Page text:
The Home of American Intellectual Conservatism — First Principles

April 24, 2019

Coolidge, Calvin
Steven Hayward - 09/24/12
Lifespan: (1872–1933)

Calvin Coolidge was the thirtieth president of the United States, serving from 1923 to 1929. A conservative Republican, Coolidge is much reviled by liberal historians who see him, along with his predecessor Warren Harding and his successor Herbert Hoover, as leaders of a reactionary period between the Progressive Era (1900–20) and the New Deal (which commenced in 1933). Coolidge especially is portrayed as a shallow, lazy man who was a tool of big business, and his policies are said to have contributed significantly to the onset of the Great Depression. Many historians rank Coolidge among America’s worst presidents. Many conservatives would contend that this portrait of Coolidge is highly inaccurate, asserting instead that Coolidge was a thoughtful and principled statesman whose record has been distorted.

Coolidge first came to national prominence in 1919, when, as governor of Massachusetts, he called out the national guard to quell a police strike in Boston. In a telegram to labor leader Samuel Gompers, Coolidge declared that “there is no right to strike against the public safety by anybody, anywhere, any time.” The following year, the Republican national convention nominated Coolidge by acclamation to be Warren Harding’s running mate. Coolidge became president when Harding died in 1923. He was elected in his own right in 1924.

A key achievement of the Coolidge presidency was a series of income tax cuts, which helped to spur the economic growth of the “roaring ’20s” and also provided a model for the “supply-side” tax cut movement of the 1980s under President Ronald Reagan. (One of Reagan’s first acts in office in 1981 was to place Coolidge’s portrait in the cabinet room.) Federal revenues rose throughout the prosperous 1920s.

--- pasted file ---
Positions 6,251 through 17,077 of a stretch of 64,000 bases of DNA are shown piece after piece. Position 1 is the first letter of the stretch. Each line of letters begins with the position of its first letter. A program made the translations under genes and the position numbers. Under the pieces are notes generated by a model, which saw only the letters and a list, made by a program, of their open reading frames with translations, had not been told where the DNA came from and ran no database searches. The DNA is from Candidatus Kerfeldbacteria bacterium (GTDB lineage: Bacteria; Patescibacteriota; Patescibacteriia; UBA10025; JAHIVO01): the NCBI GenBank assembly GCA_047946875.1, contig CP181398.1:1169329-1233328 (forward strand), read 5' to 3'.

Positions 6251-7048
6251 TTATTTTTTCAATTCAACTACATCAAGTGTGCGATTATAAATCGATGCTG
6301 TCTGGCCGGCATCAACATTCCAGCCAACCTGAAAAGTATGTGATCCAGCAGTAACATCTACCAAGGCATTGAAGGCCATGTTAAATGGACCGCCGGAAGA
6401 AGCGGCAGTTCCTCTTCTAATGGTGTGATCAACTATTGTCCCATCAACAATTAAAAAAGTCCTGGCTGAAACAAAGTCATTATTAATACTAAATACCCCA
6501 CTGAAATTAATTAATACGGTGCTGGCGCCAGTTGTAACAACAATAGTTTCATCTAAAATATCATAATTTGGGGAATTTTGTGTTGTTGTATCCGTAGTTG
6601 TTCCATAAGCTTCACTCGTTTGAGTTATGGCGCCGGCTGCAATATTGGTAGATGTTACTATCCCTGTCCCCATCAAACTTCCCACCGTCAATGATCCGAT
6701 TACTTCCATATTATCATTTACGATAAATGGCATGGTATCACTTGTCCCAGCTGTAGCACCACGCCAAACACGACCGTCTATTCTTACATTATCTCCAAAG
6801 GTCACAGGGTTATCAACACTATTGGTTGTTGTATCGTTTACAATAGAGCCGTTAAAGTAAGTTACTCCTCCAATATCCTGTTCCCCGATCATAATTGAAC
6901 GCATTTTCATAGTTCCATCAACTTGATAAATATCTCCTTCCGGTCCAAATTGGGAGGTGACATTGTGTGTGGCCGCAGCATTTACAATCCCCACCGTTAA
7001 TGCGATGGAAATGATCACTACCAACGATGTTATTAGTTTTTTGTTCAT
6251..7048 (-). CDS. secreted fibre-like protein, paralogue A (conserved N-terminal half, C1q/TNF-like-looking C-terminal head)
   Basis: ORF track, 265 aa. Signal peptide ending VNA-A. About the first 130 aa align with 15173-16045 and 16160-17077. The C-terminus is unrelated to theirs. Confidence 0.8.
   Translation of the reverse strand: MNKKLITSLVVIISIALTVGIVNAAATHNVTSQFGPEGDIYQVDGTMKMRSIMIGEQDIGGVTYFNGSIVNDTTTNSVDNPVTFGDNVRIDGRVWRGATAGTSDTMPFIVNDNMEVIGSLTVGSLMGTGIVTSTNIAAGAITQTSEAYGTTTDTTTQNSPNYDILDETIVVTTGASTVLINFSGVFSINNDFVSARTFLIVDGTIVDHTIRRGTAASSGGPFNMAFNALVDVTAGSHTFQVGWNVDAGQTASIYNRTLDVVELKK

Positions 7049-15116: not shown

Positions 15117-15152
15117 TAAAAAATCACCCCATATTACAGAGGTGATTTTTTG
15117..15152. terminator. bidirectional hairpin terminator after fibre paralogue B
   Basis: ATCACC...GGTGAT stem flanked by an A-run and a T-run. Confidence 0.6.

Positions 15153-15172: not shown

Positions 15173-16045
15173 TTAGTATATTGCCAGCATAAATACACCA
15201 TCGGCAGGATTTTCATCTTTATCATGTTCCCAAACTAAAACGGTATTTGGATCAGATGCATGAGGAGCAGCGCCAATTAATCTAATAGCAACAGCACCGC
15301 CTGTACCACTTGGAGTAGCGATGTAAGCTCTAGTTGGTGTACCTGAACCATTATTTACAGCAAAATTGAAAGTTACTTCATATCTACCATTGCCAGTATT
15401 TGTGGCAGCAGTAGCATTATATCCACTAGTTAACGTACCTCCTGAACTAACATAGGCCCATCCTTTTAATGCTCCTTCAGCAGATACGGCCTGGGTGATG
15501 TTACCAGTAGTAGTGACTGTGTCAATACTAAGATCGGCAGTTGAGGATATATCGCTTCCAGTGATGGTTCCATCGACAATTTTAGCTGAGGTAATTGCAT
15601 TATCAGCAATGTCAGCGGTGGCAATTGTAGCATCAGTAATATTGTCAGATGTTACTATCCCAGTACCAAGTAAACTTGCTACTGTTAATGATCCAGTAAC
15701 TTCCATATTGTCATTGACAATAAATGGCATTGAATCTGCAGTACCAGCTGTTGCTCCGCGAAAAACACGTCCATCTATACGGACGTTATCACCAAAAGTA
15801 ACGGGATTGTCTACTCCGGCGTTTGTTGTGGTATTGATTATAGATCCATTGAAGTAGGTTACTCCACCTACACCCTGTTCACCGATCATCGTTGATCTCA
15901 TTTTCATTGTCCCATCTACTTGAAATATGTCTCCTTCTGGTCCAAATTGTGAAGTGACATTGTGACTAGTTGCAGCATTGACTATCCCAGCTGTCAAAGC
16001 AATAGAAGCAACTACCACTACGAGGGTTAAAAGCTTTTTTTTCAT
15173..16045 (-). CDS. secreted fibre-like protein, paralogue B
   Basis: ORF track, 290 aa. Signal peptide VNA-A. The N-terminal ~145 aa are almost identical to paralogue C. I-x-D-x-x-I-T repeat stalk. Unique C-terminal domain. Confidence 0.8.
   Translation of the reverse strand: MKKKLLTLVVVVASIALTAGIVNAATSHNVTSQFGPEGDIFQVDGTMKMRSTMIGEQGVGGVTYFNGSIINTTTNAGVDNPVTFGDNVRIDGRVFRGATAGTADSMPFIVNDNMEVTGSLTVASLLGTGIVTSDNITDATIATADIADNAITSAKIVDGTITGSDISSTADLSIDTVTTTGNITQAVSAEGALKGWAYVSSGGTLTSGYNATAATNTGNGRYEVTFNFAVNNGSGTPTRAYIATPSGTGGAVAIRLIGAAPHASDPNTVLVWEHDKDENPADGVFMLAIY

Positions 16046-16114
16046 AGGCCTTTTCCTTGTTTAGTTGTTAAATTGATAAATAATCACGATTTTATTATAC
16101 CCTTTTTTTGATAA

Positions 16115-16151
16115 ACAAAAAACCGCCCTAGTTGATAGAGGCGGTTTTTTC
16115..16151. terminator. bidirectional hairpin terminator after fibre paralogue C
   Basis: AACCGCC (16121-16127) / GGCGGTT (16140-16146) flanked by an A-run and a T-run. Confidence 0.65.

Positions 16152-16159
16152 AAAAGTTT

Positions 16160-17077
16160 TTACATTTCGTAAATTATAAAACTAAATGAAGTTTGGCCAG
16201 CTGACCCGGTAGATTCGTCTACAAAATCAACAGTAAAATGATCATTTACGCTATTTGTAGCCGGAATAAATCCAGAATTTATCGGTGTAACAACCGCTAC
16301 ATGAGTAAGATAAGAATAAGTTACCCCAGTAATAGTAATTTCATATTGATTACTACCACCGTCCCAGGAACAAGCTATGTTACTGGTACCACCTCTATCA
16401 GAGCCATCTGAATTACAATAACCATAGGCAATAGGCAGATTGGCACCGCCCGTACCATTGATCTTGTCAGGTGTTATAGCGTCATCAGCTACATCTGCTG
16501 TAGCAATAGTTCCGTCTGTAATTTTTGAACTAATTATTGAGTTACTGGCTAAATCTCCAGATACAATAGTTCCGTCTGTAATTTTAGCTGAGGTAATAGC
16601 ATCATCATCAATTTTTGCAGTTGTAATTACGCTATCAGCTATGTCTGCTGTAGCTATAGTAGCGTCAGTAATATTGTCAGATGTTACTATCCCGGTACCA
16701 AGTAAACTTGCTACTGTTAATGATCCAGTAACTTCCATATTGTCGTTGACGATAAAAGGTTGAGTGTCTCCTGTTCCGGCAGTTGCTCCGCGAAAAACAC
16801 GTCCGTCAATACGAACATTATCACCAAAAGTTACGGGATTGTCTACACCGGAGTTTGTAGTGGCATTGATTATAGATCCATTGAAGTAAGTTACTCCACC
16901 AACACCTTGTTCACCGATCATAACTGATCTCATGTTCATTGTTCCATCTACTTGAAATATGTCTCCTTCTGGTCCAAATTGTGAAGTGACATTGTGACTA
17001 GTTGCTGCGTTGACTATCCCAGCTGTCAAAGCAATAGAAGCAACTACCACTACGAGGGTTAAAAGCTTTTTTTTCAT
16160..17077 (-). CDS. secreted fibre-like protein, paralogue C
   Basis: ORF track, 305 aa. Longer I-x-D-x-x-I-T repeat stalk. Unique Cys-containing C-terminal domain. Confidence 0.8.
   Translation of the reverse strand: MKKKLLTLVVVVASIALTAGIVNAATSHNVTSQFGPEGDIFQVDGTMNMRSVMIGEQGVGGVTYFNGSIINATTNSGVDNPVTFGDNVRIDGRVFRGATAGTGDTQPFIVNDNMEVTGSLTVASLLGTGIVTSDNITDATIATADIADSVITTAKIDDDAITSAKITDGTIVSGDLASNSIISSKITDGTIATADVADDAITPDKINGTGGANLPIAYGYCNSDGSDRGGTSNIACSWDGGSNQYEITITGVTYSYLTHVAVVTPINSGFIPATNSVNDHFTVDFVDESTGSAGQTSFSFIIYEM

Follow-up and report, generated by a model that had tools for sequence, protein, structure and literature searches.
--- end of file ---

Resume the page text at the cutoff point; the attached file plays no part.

Liberal historians, especially Arthur Schlesinger Jr. in his Crisis of the Old Order (1956), indict Coolidge chiefly for his supposed attitudes about government and business. The most widely misquoted statement of Coolidge is “The business of America is business.” The full context of Coolidge’s remark reveals a much different and more comprehensive meaning: “After all, the chief business of the American people is business. . . . Of course, the accumulation of wealth cannot be justified as the chief end of existence. . . . So long as wealth is made the means and not the end, we need not greatly fear it.” These and other statements show Coolidge to have been a thoughtful and learned man. Even as an adult, he would translate Cicero and Dante from Latin, and he wrote fondly of the poetry of Homer and Shakespeare.

Some historians, including Schlesinger, argue that Coolidge’s policies helped cause the Great Depression. Economic scholarship, especially that of Milton Friedman and Anna Schwartz, has generally refuted this view (see their Monetary History of the United States, 1963). It is worth noting that one liberal economist who dissents is John Kenneth Galbraith, who wrote in his account of the Great Depression that it is “grossly unfair” that “a whole generation of historians has assailed Coolidge.”

Coolidge also wrote and spoke thoughtfully about the American political tradition. He had high praise for the Declaration of Independence and the nation’s founding principles, and he rejected the progressivist ideology. Many of his writings and speeches have an aphoristic quality of substantial merit: “Great men are the ambassadors of Providence sent to reveal to their fellow men their unknown selves. . . . When the reverence of this nation for great men dies, the glory of the nation will die with it.” It should be noted that Coolidge wrote all of his own speeches and articles.

The denigration of Coolidge and the other Republican presidents of his era was a necessary part of the effort to aggrandize the New Deal. As the legacy of the New Deal is gradually reexamined by new generations of historians, so too the statesmanship of President Coolidge is likely to be reevaluated in a more favorable light.

Further Reading
  • Coolidge, Calvin. Have Faith in Massachusetts. Boston: Houghton Mifflin, 1919.
  • ———. The Autobiography of Calvin Coolidge. New York: Cosmopolitan Books, 1929.
  • Silver, Thomas B. Coolidge and the Historians. Durham, N.C.: Carolina Academic Press, 1982.
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